Sedimented unrefined flavors is placed in a bag and squeezed by two young men working together with a lever-type metal fitting. There are also hydraulic and water pressure machines that can be used with the touch of a button and require no effort at all, but these machines squeeze out it all completely, and I am stubbornly determined to get rid of anything unnecessary, so I use the traditional lever type.

From the Edo period to the Meiji period, they used the masonry method of squeezing. The sound of the vinegar dripping down the stone is like a spirit.

The old koji room from the previous generation was to be remodeled 10 years ago, and the contractor said, "This room is already old. It takes a lot of work. Now, there is a way to make koji with the touch of a button".

At one point, I was ready to change to that, but I felt that I could make koji with all my heart because I had been making koji completely by hand, by the touch of my hands and palms, until midnight. This is the true handmade koji. An easy way to make koji costs less and requires less labor in the first place. However, I dared to restore the old-fashioned chamber, which required a lot of labor.

In the old days, people heated their rooms with charcoal briquettes or a seven-ringed brazier. There were times when I woke up in the middle of the night when it was cold, entered the room, and fell asleep comfortably because it was warm inside. I would wake up with a sudden realization. My head feels fuzzy. I feel nauseous. I feel dizzy and sick. I don't know how many times I had to rush out of the room. At the time, I did not know about carbon monoxide poisoning. I don't know how I could have survived until now.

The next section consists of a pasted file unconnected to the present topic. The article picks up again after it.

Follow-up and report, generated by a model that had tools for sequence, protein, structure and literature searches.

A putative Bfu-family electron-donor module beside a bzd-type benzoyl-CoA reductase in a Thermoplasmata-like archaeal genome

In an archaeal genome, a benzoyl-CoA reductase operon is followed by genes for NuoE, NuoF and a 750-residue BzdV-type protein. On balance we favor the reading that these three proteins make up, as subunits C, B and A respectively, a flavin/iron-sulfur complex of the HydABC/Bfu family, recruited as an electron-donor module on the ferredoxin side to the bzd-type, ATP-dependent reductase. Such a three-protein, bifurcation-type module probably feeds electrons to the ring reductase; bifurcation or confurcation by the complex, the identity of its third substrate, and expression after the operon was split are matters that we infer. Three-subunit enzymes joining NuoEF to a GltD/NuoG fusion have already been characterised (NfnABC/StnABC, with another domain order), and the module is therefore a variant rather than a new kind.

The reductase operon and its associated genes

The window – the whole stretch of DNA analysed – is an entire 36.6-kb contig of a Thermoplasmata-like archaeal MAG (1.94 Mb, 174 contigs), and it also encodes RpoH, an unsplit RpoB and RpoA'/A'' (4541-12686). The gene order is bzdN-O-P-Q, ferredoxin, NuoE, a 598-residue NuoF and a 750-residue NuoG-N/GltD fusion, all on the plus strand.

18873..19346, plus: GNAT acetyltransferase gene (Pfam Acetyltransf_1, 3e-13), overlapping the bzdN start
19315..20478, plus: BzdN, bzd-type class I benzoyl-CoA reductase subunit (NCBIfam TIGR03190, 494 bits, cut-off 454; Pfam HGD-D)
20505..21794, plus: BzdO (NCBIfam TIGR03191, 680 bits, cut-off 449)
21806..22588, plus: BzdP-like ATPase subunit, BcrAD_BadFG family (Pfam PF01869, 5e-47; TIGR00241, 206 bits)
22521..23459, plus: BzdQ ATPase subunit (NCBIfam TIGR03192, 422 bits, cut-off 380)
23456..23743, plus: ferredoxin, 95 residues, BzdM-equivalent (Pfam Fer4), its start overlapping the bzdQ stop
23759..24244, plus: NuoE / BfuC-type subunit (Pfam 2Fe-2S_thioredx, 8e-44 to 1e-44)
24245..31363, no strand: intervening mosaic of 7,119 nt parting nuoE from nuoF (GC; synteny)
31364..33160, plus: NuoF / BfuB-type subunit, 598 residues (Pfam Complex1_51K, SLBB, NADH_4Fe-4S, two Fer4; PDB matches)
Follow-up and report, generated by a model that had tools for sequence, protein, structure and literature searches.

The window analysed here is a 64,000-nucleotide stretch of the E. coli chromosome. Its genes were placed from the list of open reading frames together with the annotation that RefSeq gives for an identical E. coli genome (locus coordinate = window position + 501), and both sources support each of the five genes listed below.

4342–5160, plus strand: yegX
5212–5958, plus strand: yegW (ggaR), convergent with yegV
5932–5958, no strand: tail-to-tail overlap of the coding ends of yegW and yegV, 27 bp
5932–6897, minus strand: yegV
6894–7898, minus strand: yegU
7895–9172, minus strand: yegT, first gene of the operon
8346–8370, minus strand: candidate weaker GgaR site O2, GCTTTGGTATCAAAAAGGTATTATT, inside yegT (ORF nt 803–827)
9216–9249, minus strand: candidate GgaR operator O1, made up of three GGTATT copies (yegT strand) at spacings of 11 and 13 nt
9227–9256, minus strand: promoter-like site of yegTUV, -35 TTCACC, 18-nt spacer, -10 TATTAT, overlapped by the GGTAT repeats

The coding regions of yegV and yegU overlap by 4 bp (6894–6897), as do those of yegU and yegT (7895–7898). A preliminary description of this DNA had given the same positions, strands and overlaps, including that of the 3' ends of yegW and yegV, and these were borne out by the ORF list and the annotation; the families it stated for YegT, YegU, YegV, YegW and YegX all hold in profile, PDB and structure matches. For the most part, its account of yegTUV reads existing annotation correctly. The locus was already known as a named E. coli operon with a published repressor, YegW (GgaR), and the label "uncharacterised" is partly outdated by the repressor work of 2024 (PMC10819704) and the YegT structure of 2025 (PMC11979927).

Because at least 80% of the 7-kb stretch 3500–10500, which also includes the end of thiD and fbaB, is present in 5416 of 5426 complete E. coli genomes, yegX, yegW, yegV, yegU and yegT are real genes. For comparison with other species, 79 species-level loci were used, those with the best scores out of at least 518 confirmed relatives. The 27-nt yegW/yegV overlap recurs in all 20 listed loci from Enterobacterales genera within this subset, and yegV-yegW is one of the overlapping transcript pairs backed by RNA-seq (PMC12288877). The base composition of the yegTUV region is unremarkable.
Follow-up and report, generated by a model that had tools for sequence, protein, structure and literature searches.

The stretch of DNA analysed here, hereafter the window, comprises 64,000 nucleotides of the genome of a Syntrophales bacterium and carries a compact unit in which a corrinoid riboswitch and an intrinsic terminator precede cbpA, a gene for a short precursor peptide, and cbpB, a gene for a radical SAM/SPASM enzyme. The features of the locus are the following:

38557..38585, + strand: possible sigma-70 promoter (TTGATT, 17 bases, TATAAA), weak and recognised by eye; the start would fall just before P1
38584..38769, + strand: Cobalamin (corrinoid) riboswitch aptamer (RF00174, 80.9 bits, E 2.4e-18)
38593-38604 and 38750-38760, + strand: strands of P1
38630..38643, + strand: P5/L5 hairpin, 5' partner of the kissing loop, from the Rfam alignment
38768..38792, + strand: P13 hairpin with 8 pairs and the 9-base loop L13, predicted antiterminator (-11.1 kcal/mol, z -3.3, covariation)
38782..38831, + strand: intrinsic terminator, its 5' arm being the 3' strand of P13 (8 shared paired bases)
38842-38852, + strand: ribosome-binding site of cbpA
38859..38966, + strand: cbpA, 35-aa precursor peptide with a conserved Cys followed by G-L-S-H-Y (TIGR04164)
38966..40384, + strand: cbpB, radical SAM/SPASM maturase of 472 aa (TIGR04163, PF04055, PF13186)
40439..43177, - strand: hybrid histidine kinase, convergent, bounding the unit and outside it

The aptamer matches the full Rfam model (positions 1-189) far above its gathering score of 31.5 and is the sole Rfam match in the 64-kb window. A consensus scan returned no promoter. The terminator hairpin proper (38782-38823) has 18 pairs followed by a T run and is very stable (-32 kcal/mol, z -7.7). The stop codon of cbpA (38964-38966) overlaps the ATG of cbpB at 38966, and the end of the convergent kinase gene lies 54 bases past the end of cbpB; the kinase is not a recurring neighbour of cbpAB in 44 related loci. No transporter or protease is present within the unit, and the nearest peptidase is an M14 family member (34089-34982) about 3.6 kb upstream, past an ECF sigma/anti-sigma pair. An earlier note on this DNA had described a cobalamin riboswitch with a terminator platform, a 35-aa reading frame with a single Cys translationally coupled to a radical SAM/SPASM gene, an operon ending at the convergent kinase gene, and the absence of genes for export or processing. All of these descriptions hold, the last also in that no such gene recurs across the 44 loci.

When I consulted with an electrician, he told me that if the electric wires were stretched over the entire room, the temperature of the wires would not go above 50 degrees Celsius, and that it would be completely safe to adjust the temperature with a thermostat, so we' re doing it this way now (Photo 2).

Exterior of the warehouse

6. At the End

The traditional process of making koji takes a lot of time and effort, but it is so rewarding that I don't mind the trouble. I feel affection for the finished koji and always put it in my mouth, rubbing my cheeks and feeling proud of the real handmade koji.

Using this koji and the famous water, old-fashioned brewing vinegar is made with all my heart and soul using my own method of brewing and fermentation. My life is born in vinegar, grows in vinegar, and passes away in vinegar.

Kosaka Seiji
Marusho Rice Vinegar Manufacturer & Co Representative
Born in 1927.
In 1945, he graduated from the former Wakayama Prefectural Shingu Commercial School and joined the family business.
After the death of the second-generation in 1986, he became the representative of the company and has been there ever since.